Gabby Giffords returns to Scripps for documentary screening, discussion
By Lisa Butterworth | special to the Courier
In 1993, Gabby Giffords graduated from Scripps College with a B.A. in sociology and Latin American history. Eighteen years later, she had just begun her third term as an Arizona Congresswoman when on January 8, 2011, while speaking at a “Congress on Your Corner” event in Tucson, she survived a gunshot to the head. Six people were killed and 13 others injured in the mass shooting.
Giffords, who now runs an eponymous gun-safety advocacy group, embarked on a difficult and ongoing road to recovery, captured in the recently released documentary “Gabby Giffords Won’t Back Down.”
At 6 p.m. Tuesday, March 7, Giffords returns to her alma mater, where, she said, “I built strong friendships, improved my self-confidence, and learned how to be a leader,” for a free and open to the public screening and panel discussion of the documentary at Garrison Theater, 1030 Columbia Ave., Claremont.
In addition to her gun control advocacy, Giffords is raising awareness about aphasia, a disorder that affects how you communicate, from which she suffers.
“If watching Gabby Giffords Won’t Back Down motivates at least one person to take action,” Giffords said, “I’ll know I’ve done my job.”
Because speech is still a challenge for her, this interview was conducted in Q and A format via email.
How does it feel to return to Scripps?
“It feels wonderful. I have so many happy memories from my time in the Claremont community. On this trip, I want to share a personal look at how my life has changed since I was studying here, through Gabby Giffords Won’t Back Down. My education at Scripps College was a great gift, it helped shape who I am today and taught me that strong women get things done! I’m excited to share this piece of myself.”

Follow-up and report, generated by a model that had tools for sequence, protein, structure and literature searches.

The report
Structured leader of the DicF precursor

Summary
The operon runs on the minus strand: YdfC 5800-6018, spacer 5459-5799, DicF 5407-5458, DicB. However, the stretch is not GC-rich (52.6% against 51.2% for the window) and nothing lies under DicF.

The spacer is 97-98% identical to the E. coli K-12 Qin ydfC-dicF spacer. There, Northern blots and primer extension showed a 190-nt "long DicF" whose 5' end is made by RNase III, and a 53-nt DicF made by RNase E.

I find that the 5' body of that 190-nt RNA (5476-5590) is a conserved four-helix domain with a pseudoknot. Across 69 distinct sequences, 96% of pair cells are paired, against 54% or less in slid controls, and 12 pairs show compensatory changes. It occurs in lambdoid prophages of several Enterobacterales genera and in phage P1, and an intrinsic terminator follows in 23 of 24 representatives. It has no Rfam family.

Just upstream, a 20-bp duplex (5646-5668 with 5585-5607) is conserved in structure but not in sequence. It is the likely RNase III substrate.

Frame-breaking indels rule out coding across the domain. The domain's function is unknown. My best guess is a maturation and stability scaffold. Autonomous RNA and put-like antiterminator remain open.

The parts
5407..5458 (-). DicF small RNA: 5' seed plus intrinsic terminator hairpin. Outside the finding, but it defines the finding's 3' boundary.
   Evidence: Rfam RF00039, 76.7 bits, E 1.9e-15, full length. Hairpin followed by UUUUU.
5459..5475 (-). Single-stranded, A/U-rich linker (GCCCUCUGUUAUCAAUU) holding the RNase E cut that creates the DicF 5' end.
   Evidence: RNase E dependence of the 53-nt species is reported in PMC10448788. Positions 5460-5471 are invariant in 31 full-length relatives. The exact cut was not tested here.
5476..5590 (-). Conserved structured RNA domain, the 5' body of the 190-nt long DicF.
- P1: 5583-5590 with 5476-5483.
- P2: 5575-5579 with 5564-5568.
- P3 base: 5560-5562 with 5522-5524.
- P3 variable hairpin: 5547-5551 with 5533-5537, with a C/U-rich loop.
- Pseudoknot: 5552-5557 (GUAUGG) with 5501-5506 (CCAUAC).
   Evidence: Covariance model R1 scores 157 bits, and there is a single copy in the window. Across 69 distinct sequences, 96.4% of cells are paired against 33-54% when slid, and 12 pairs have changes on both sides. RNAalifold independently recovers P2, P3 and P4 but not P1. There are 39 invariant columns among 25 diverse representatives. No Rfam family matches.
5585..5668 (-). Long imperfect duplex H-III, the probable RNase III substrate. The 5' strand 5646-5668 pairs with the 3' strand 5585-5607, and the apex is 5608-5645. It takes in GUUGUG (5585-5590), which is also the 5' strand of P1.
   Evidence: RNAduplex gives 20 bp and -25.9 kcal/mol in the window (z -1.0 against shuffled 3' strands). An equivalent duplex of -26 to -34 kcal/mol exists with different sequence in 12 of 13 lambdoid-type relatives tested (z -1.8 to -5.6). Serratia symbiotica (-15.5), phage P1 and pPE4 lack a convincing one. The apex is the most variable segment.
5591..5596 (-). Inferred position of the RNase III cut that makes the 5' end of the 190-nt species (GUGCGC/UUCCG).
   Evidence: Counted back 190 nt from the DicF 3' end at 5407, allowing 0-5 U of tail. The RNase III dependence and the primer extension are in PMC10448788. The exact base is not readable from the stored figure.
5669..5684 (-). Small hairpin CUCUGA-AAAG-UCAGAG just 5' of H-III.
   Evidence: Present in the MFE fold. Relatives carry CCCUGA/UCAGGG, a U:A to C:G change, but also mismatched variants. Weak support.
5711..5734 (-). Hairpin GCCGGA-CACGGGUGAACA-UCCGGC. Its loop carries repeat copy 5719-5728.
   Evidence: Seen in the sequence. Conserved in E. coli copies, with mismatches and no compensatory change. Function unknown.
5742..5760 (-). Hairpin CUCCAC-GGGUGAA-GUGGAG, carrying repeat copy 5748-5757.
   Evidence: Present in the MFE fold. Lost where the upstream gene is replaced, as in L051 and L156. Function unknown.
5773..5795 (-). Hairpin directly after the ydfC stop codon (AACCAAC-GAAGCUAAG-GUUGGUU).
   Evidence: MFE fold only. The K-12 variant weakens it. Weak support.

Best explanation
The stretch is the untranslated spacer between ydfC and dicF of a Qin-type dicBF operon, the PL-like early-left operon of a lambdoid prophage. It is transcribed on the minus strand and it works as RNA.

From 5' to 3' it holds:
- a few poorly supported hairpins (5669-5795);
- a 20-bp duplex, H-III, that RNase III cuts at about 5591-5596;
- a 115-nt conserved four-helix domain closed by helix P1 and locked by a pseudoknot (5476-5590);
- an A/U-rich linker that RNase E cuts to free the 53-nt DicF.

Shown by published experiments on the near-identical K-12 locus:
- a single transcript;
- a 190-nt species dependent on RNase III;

What do you hope to inspire in the current students?
“I hope the students here realize, as I once did on the very same campus, that their voices can shape the future. They are uniquely equipped to tackle injustice and elevate the issues that matter most. I’m inspired by them, and students like them, every day.”
Do you have a mantra that’s helped you through your recovery? What motivates you now?
“I’ve had many mantras through the years, but the one I always come back to is ‘Move ahead!’ I don’t like to look back and wish I could change the past, because I can’t. Instead, I try to look ahead to what I want to do with my future. I also have a daily routine that includes a daily bike ride. This has helped me immensely and I love riding in the Arizona sun!
“I am so grateful for my incredibly strong support system. My husband [astronaut and U.S. Senator Mark Kelly] is the rock at the center of my universe. I couldn’t do life without him. These days, I’m motivated by hope. Despite all the tragedy and pain and loss we’ve experienced as a nation, we’ve also achieved so much together. I know a better future lies ahead — that’s what inspires me to keep pushing for change.”
How has the conversation and culture around gun violence changed since the attempt on your life? Are we moving in the right direction?
“In 2011 and 2012, the gun lobby was at its peak — it was reaching record membership and donations, and guns were too controversial a topic for Democrats to run on. After the horrific shooting at Sandy Hook Elementary School, the national conversation and culture around gun violence started to change. Gun violence has since gone from being a political third rail to a kitchen table topic. This crisis touches everyone — nearly every American will know a victim of gun violence in their lifetime.